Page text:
So, then the question is: can you persuade me that the Common Core State Standards are a tool for preparing people for living and nourishing and furthering the democratic ideal?  Mandating it certainly goes against the Constitution—as do most of the recent ed reforms—including charters and testing.  They are not merely federal suggestions. They were initiated from the top, are funded from the top, come with penalties from the top, etc.  And they are mandates in terms of both pedagogy and curriculum (hard as these are to separate).
I wrote about this in the abstract some years ago.  I think I made a good case for schools having standards—explicit and clear—without standardizing. We need, above all, to preserve the intellectual room for teachers and communities to learn from their own experience and to venture down different paths.  (See my book Will Standards Save Public Education?, with responses from Jonathon Kozol, Abigail Thernstrom, Bob Chase, Gary Nash, Linda Nathan, Richard Murnane, William Ayers, and Ted Sizer.)
Even if I was persuaded about "close textual reading," I wouldn't want to impose it.  As it happens, I don't agree.  Learning to "scan" (read fast) is probably more important to a good education in my opinion, even though there are times for close textual reading!  But not until AFTER we have caught the readers' bug.  Knowing how to do something hardly competes with the habit of doing so, which in turn rests on catching the spirit.  The capacity to open up new worlds, new possibilities, and new "what ifs" is what keeps me up late reading. Only then should we introduce the careful skeptical reading of text for its nuances, deceptions, etc
These are matters worth arguing about, but not mandating on a district, state, or national level. Ditto for one or another forms of learning to read.  Even if "systematic phonics" was useful to 60 percent (a majority), it's certainly demonstrably true that other methods work as well or better for 40 percent—and far more efficiently. This is where "majority wins" doesn't fit.  Why undermine the most natural and simple way to learn to read just because some need a more linear, step-by-step approach?  Actually, I think there's a curve—with systemic phonics at one end and "natural" whole language at the other and lots of in-between. What we need are classrooms where sensitive teachers can encourage all these differences. (Which in turn suggests the advantage of very small class sizes, of the kind rich people and schools think ordinary.)
Ditto re. the search for the one best way to teach math—grade by grade, etc.
If the "common core" were merely one of several suggested curricula I'd be quite content. Our textbooks have been giving us this for a century or more!  We needn't all reinvent the wheel.  But to decide that all 1st grades should be teaching this or that part of world history or natural science is nonsense and doesn't pick up on the special passions of teachers or their students or on work that flows from what's happening in the world or in their own backyard. We studied snails at Mission Hill for several years (Stephen Jay Gould studied them his whole life) because there happened to be a plague of snails in our yard that year. All K-12ers spent the year of presidential elections studying the federal system and following all the logic behind electoral votes, big states vs. small states, and particular campaign issues. We started this curriculum the spring before and did a lot of statistical analysis at each stage.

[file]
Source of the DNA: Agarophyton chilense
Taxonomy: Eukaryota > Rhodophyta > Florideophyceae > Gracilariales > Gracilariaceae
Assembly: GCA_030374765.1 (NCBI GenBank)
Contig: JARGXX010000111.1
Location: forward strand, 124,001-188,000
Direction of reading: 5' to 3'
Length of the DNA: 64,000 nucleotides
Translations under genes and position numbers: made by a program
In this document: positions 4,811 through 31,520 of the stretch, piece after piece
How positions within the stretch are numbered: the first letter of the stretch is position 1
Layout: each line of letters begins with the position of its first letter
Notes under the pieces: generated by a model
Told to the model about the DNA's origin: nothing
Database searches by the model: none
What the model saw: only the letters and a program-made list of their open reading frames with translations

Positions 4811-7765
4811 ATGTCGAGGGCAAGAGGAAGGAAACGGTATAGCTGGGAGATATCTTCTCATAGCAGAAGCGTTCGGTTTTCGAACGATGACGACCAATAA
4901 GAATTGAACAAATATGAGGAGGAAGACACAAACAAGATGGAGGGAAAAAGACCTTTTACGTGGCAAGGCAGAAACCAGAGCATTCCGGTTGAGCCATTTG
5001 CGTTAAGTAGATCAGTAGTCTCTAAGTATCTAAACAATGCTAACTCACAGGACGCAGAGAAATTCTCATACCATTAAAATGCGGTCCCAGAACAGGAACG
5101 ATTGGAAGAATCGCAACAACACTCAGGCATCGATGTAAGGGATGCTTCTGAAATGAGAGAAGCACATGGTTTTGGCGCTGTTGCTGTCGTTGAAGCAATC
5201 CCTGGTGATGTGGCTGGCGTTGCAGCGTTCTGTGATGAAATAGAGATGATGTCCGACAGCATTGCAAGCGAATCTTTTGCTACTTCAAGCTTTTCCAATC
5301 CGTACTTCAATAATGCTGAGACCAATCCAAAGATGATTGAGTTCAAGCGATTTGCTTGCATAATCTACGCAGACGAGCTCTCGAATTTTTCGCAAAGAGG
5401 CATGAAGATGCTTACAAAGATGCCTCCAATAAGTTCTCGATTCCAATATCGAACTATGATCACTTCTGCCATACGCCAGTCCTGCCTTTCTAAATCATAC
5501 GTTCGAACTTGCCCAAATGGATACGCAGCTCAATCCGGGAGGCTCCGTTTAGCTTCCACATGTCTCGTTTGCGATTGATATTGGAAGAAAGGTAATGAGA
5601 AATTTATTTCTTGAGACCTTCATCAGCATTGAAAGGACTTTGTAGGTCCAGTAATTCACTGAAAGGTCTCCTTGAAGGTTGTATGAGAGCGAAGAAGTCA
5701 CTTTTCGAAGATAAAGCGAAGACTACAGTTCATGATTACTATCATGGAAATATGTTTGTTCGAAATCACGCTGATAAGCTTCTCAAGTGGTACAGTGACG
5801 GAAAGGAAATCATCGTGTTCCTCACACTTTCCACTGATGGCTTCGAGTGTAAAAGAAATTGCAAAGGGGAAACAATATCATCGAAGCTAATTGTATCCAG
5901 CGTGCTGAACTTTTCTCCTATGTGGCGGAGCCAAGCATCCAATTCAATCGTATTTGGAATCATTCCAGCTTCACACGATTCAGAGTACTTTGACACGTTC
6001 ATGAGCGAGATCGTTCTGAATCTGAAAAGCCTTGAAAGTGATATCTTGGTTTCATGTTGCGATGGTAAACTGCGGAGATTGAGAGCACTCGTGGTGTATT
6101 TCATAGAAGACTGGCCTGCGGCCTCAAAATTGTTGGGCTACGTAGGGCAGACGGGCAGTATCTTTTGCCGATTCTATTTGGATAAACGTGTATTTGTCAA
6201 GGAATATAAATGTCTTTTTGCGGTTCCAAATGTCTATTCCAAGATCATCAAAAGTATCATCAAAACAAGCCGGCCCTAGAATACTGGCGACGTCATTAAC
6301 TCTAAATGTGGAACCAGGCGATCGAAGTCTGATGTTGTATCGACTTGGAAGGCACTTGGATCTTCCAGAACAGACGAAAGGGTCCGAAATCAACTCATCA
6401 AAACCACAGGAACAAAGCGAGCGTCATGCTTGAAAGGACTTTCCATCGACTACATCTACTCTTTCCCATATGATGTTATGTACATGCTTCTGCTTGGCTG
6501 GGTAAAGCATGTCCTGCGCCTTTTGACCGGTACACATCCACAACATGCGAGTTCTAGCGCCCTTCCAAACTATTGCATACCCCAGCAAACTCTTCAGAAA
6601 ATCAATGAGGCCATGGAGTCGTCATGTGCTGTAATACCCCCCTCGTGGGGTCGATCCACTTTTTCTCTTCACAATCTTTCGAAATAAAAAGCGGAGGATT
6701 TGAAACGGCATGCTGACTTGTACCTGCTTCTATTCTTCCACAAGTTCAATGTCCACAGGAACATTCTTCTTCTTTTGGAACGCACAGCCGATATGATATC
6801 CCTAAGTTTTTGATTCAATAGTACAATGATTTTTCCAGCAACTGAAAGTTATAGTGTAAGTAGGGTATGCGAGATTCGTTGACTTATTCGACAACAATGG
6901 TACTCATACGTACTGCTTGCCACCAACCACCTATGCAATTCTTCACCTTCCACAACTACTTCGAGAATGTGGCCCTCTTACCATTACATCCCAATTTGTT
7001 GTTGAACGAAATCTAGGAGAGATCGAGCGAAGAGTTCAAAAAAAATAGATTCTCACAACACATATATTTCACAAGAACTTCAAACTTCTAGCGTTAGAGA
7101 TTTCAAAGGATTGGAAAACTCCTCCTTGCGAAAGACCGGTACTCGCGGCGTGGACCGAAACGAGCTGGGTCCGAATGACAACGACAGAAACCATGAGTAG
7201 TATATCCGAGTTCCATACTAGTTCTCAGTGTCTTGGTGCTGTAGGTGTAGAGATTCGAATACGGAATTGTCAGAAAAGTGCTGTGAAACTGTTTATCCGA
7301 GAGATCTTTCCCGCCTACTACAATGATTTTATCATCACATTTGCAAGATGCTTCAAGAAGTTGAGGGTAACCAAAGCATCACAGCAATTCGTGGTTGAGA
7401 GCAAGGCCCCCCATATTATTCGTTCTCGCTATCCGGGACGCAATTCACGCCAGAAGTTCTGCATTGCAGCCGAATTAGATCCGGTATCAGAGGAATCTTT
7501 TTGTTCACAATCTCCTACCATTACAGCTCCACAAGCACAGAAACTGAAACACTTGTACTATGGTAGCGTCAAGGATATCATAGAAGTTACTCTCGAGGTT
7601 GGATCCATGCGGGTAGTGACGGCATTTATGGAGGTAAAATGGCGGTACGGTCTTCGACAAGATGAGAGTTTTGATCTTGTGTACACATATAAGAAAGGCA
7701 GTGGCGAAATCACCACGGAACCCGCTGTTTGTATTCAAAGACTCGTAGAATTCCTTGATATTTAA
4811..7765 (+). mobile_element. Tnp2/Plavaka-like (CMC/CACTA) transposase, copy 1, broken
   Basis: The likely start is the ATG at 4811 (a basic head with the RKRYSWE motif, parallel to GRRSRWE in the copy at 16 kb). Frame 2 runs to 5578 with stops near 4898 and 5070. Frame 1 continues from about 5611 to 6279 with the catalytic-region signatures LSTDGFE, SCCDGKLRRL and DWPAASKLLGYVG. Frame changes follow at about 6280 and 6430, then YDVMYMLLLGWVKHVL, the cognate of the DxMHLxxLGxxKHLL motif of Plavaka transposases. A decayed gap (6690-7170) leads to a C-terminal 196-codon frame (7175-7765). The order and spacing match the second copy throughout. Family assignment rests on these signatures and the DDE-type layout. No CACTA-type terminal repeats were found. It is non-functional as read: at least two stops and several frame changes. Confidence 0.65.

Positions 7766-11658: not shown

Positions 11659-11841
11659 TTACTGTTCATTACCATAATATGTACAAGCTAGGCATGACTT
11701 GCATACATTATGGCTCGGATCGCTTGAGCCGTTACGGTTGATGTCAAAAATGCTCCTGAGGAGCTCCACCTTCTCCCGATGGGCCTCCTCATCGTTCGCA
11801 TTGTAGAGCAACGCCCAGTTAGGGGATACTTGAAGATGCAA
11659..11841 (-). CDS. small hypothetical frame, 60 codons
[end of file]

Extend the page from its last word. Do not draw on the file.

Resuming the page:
I'm sure, Leo, that you are not happy with the high-stakes nature of the current common-core campaign—with all the built-in racial and class bias involved in any system of ranking. So I assume you have a pro-common core, but ... approach?  I don't think anyone will ever confuse us with the Tea Party. After all, I'm for individual liberty, even though it's at the top of the conservative and Tea Party list of virtues.  I'm against stifling bureaucracies, even though so was Ayn Rand.  Our opposition to high-stakes standardized testing long precedes the Tea Party's existence.  We on the left have too often abandoned lofty slogans because they had been captured by the right. Rather, we need to contest the meaning of standards, liberty, and individualism—not abandon them.  
What we need to rest our "bottom line" on is the critical importance of elevating human judgment, providing the tools for celebrating it rather than denigrating it.  Agreeing, in short, to disagree. That surely means that teachers' and parents' judgment must be respected, but not subserviently. We need intellectually rebellious students, as well as intellectually clear-headed and knowledgeable teachers. Teaching "to" a prefabricated curriculum—whether in math or history or science or literature—and thus also to the test that comes along with it cannot lead to the kind of feistiness that a good school should be an exemplar of. Yes, there should be public exposure, both within the school and through various forms of external visitation. But aside from fiscal integrity, health, safety, and civil rights, we should be reluctant to intervene—if the school really can demonstrate that they operate on a democratic basis. (Maybe we could fund long-term local research on outcomes, designed to meet each community's goals, with maybe a half-dozen common queries?)
It's up to all of us to develop alternative options alongside criteria for what a democratic school and district or network "looks like." Let's put our heads together, roughly drafting these.  (FairTest and the NYC Coalition have some great ideas to borrow from.)  You first.